"We should say to Olmert: hold off for two years, fix up the economic and social problems, and then let's see where we are," said Mr. Medad, who lives in Shiloh, a settlement that is also beyond the separation barrier. "If you start to move against the communities here, you will get demonstrations and protests."            

And more than once as on July 20, 2006:

“We’ve given over territory so our Arab enemies can now hit Haifa,” said Yisrael Medad, a spokesman for the Yesha Council, the main group representing settlers. “To put them even closer, where they could literally hit us by spitting over the fence, would be crazy.” [think Gaza and it's Great Return March - YM]

“Unilateral moves will never work,” he added, “because if you don’t have a mechanism in place to maintain security, groups like Hamas and Hezbollah will simply say, ‘We don’t have an agreement with you, and we will do what we like.’ ” [which they have done after the disengagement - YM]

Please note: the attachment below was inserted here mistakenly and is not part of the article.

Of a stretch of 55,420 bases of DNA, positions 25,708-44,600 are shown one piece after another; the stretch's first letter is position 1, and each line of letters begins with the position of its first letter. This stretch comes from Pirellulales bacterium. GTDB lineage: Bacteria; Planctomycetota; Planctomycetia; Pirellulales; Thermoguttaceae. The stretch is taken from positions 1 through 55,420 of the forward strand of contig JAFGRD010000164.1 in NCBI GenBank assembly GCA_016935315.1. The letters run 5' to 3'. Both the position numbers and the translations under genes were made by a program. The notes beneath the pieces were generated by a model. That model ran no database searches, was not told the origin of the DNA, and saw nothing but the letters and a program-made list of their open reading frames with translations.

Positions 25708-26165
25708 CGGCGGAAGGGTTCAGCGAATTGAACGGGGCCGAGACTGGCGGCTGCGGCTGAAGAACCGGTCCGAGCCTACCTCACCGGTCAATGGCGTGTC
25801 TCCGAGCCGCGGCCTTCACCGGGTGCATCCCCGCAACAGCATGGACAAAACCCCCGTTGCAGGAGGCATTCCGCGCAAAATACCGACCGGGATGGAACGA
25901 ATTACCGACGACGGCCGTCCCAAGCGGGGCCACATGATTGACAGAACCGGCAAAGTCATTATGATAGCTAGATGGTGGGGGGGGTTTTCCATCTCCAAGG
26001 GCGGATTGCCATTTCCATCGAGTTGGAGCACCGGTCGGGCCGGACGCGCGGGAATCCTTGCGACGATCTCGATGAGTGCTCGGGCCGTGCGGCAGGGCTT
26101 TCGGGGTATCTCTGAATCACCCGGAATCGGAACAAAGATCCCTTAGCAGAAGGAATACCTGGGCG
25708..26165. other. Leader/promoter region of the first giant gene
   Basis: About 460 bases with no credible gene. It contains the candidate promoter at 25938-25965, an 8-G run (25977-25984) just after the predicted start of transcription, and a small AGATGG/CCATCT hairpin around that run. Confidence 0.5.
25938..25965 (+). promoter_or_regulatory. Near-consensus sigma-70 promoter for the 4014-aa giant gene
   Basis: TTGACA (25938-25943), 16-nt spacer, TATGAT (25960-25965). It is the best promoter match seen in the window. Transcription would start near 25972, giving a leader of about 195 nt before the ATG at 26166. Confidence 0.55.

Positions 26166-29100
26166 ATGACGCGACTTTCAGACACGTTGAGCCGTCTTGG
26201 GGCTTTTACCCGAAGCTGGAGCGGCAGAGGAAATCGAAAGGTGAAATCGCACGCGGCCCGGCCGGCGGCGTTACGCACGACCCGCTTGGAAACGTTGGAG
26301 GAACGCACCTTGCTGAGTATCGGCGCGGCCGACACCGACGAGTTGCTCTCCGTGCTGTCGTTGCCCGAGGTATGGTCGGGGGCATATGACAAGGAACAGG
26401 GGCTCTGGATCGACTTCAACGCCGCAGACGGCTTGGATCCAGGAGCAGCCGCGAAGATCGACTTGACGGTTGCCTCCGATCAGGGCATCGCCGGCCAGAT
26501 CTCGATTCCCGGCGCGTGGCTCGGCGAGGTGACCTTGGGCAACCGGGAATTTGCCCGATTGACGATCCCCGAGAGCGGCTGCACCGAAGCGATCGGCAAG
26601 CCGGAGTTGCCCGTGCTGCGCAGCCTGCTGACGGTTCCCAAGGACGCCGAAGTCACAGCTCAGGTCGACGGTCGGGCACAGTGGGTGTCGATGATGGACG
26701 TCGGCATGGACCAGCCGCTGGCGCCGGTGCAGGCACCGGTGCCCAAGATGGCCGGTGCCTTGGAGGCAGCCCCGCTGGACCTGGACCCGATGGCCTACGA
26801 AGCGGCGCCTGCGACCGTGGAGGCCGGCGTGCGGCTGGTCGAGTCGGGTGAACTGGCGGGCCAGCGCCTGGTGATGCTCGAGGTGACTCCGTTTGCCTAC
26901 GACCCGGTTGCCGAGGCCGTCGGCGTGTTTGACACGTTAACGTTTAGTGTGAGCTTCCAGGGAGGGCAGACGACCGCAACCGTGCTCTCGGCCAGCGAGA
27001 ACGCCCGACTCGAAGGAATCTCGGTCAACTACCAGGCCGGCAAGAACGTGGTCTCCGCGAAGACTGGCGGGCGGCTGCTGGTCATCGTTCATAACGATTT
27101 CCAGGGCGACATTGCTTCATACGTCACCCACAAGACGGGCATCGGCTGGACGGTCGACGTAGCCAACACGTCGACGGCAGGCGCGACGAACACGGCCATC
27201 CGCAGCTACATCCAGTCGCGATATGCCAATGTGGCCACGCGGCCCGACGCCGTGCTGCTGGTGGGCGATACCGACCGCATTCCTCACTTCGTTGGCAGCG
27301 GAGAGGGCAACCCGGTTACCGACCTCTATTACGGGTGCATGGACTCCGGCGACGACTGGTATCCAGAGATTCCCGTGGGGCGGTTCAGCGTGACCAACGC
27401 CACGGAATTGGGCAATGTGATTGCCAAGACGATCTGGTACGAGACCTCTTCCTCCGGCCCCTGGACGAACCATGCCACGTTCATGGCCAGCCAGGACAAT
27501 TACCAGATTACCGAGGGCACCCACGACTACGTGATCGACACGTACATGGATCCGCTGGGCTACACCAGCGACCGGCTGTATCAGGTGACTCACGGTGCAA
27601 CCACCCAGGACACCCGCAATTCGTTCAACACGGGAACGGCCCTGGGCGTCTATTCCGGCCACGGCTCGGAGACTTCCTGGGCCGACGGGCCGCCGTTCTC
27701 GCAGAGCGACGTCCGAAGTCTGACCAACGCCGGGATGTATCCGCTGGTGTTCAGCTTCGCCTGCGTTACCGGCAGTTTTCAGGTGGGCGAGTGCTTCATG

Maybe, just perhaps, my opinions and analysis are just not what the NYT wants to be read?


Wednesday, April 25, 2018

When Begin Assisted Ben-Gurion to Declare Statehood

Martin Kramer published an article on the crucial vote to establish the state of Israel in May 1948. It was crucial because B-G was not totally convinced he had a solid majority.  Some were wavering.

I left this comment
The vote itself was aided by Menachem Begin who was contacted by Eliezer Livneh and requested, in the name of Ben-Gurion to the object of assisting him overcome some of those who were wavering on the upcoming vote to declare statehood. As Begin writes on p. 478 in The Revolt (Futura Edition, 1980) which is the first paragraph in Chapter 30, Dawn, he had been in contact with the Hagana on the matter and notified them that the Irgun was prepared to pronounce statehood even without the official bodies. In the Hebrew edition, p. 504, there is this which doesn't appear in the English (לא בלי סיוענו הישיר) which reads "(not without our direct help)". A slogan had been published in the Herut underground paper, No, 93, April 1948, בדמנו ובנפשנו נקים את מדינתנו or, "With our blood and soul we will establish our state", page 4 that served as Ben-Gurion's 'proof'.